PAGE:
Synopses & Reviews
The art of the organist in nineteenth-century France and Belgium is a rags-to-riches story full of extraordinary problems and changes. Devastated by the French Revolution, the organ profession rose from desperate circumstances to a period of remarkable brilliance. By the end of the nineteenth century, organ playing was enthusiastically applauded and had been thoroughly integrated in the musical life of Paris. This account is not just a record of stellar events and famous names: it includes failures, all-but-forgotten musicians, and unexpected encounters. In a carefully documented study that is both scholarly and engaging. Orpha Ochse traces three major aspects of the organist's art: the development of the secular recital, the organist as church musician, and the education of organists. In addition to presenting a comprehensive view of the organ profession in France and Belgium throughout the period, she offers a new perspective on nineteenth-century music in general.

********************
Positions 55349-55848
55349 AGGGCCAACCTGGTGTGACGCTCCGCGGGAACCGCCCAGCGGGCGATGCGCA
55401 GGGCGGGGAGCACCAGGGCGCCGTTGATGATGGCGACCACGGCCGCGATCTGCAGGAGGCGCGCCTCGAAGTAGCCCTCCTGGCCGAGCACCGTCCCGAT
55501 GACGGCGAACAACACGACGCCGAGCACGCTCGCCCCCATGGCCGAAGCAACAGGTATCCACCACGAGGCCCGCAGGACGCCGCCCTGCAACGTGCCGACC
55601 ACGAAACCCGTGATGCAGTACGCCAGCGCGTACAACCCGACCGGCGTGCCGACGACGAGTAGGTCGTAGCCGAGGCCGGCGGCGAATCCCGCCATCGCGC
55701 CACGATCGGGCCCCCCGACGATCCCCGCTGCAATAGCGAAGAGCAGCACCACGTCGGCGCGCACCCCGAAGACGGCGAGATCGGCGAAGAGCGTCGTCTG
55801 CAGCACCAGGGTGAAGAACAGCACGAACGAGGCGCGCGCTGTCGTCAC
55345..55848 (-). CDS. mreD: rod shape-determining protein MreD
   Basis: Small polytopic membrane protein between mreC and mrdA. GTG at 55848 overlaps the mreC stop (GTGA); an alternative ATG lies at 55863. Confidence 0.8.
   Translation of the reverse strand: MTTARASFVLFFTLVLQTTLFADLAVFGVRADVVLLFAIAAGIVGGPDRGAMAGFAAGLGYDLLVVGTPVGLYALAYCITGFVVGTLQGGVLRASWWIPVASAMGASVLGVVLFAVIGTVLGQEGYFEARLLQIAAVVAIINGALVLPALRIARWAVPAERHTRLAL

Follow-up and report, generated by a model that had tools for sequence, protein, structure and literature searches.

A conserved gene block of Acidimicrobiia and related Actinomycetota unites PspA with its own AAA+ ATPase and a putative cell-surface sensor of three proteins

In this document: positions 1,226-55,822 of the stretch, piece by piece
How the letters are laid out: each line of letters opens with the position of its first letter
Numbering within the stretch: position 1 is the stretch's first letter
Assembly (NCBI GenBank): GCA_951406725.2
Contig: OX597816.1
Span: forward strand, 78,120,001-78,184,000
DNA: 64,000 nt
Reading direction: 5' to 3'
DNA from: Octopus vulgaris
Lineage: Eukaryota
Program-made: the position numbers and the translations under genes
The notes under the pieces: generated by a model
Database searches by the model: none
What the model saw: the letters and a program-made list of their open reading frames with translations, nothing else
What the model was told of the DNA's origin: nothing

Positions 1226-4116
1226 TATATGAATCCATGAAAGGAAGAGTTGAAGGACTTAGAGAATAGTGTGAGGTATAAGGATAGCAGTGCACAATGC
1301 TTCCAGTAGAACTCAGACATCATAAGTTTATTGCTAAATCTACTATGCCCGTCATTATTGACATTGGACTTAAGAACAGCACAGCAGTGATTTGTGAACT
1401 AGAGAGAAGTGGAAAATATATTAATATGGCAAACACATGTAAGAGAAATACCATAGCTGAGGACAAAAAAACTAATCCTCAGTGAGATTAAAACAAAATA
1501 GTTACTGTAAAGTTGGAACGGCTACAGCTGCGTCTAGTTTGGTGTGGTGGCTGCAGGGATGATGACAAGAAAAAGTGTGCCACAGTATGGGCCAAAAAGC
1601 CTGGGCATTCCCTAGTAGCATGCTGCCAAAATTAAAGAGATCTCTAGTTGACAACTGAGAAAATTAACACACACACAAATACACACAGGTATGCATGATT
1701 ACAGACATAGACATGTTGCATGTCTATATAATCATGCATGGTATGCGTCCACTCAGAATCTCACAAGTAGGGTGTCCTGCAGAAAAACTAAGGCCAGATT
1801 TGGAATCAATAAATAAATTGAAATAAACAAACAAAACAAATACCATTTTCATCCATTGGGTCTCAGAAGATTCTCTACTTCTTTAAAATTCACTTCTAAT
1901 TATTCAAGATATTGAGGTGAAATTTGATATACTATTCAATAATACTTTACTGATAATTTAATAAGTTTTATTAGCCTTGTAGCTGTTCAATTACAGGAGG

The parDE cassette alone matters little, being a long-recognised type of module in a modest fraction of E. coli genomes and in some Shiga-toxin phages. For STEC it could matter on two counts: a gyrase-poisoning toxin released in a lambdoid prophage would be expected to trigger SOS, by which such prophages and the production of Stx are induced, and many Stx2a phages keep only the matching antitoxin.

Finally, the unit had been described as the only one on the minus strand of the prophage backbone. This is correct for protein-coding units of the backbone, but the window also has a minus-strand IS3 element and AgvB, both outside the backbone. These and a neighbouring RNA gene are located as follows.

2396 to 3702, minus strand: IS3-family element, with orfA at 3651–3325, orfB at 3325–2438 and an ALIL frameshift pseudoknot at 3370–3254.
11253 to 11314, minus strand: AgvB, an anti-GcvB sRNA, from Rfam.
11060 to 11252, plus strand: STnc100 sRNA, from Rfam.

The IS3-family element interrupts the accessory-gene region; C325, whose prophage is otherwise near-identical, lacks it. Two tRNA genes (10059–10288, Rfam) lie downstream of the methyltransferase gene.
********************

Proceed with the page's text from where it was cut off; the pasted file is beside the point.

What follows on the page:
Includes bibliographical references (p. 235-249) and index.